A PubMed search (September 2019) using the medical subheadings of ‘substance-related disorders/epidemiology’ and ‘general practice’ did not reveal recent papers with comparable research questions. Papers with (comparable) findings from the EMCDDA TDI were not found in PubMed. The focus of the SGP pilot study was different but some core results are comparable, e.g. type of substance use, previous treatment episodes and regional differences . The pilot showed that seven months after the baseline recording of new and ongoing episodes of GP-treatment, 21% of the patients who continued GP treatment also received specialist treatment. This proportion is similar to the proportion of 28% episodes of concurrent specialist treatment we found in this study.
Monitoring treatment demand in general practice is one way of dealing with the problem of underdiagnosis of substance use problems, mostly alcohol, in general practice . Yet, ‘detected’ patients in general practice may have more severe problems resulting in a relatively higher rate of referrals and concurrent specialist treatment. Unfortunately, we did not find evidence to verify this assumption.
Our findings fit the knowledge about general practice and GP care of patients with chronic, recurrent substance use problems. According to a good health services model, GPs provide as much care as possible to patients and refer patients to specialist health facilities only when more complex care is needed . Continuity is a major attribute of general practice care, comprising continuing care over a lifetime, across health conditions and levels of care. In the context of substance use problems, this means preventive care, e.g. active screening and short interventions, and, aftercare or chronic patient care, e.g. patient support in case of relapse . The finding that relatively more GP-referred and GP-treated patients were using the primary substance daily in the last 30 days may be exemplary of the chronic care role of GPs towards patients with, most likely, problems of alcohol and/or pharmaceuticals. Maybe those patients seek help from their GP in times of crisis: when they are drinking too much or have relapsed into drinking. GPs may be less strict than specialist caregivers about abstinence as a condition for starting treatment, but the widespread availability of alcohol and, to a lesser degree, pharmaceuticals, possibly also play a role.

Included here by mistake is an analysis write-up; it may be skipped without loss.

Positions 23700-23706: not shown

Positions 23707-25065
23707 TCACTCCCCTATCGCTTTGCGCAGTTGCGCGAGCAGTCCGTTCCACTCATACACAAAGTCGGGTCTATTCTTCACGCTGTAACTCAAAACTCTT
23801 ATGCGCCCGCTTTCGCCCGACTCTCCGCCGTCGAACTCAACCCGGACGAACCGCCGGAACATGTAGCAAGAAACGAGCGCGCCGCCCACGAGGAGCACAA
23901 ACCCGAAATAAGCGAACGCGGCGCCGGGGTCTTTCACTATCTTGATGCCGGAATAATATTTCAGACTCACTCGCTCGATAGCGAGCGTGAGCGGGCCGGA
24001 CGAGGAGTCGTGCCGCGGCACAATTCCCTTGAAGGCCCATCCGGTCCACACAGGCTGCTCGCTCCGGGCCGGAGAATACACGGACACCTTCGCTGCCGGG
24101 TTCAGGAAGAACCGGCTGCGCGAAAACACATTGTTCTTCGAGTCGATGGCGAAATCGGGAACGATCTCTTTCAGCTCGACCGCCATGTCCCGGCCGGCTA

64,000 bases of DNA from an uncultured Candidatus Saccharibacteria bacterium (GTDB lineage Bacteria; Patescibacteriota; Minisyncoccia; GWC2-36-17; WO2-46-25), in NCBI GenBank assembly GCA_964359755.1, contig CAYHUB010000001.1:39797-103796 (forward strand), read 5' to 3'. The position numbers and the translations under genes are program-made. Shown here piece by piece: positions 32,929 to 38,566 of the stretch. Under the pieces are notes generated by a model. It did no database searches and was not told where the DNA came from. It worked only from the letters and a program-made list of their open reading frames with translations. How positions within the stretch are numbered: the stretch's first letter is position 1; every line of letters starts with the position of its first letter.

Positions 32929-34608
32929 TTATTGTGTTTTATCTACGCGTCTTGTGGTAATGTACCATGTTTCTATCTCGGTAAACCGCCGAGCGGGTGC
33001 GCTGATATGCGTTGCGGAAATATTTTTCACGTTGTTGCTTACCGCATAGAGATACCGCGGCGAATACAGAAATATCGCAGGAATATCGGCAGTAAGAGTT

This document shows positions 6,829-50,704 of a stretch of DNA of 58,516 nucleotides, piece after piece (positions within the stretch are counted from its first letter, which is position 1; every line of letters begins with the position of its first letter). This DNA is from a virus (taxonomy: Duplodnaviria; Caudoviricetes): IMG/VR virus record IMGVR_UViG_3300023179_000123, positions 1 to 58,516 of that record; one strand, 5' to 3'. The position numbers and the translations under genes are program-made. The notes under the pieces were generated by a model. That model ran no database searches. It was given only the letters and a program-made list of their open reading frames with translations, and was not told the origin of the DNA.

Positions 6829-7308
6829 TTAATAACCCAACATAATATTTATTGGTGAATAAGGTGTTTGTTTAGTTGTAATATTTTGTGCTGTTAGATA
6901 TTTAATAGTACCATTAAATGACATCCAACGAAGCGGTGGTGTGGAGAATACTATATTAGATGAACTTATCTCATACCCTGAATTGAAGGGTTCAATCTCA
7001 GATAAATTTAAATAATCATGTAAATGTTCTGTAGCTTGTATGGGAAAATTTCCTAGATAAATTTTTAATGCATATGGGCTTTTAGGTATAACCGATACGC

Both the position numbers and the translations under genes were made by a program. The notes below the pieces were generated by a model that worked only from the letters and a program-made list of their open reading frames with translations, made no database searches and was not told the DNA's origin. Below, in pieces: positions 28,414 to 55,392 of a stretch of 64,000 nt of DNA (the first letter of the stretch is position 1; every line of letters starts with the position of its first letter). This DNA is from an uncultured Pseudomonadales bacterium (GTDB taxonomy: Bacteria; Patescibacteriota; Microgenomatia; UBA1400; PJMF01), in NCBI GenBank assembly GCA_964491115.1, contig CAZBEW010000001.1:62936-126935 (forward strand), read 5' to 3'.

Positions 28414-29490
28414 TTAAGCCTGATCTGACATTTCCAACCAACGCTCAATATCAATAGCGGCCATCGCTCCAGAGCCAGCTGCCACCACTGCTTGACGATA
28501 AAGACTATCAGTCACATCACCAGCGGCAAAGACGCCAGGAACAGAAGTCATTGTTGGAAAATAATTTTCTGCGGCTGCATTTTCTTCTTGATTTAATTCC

This study yielded useful information for health policy and research. We found that GPs meet the demand of a specific population with substance use problems. This population is better off in more than one way. They may prefer to seek discreet help from their GPs above having to interrupt their social/work activities and seek specialist treatment, often outside the community. In this study, a relatively small part of the TDI population was examined. We believe that further research of motivators and referring caregivers of patients starting specialist treatment for substance problems would be useful to profile the population and treatment demand.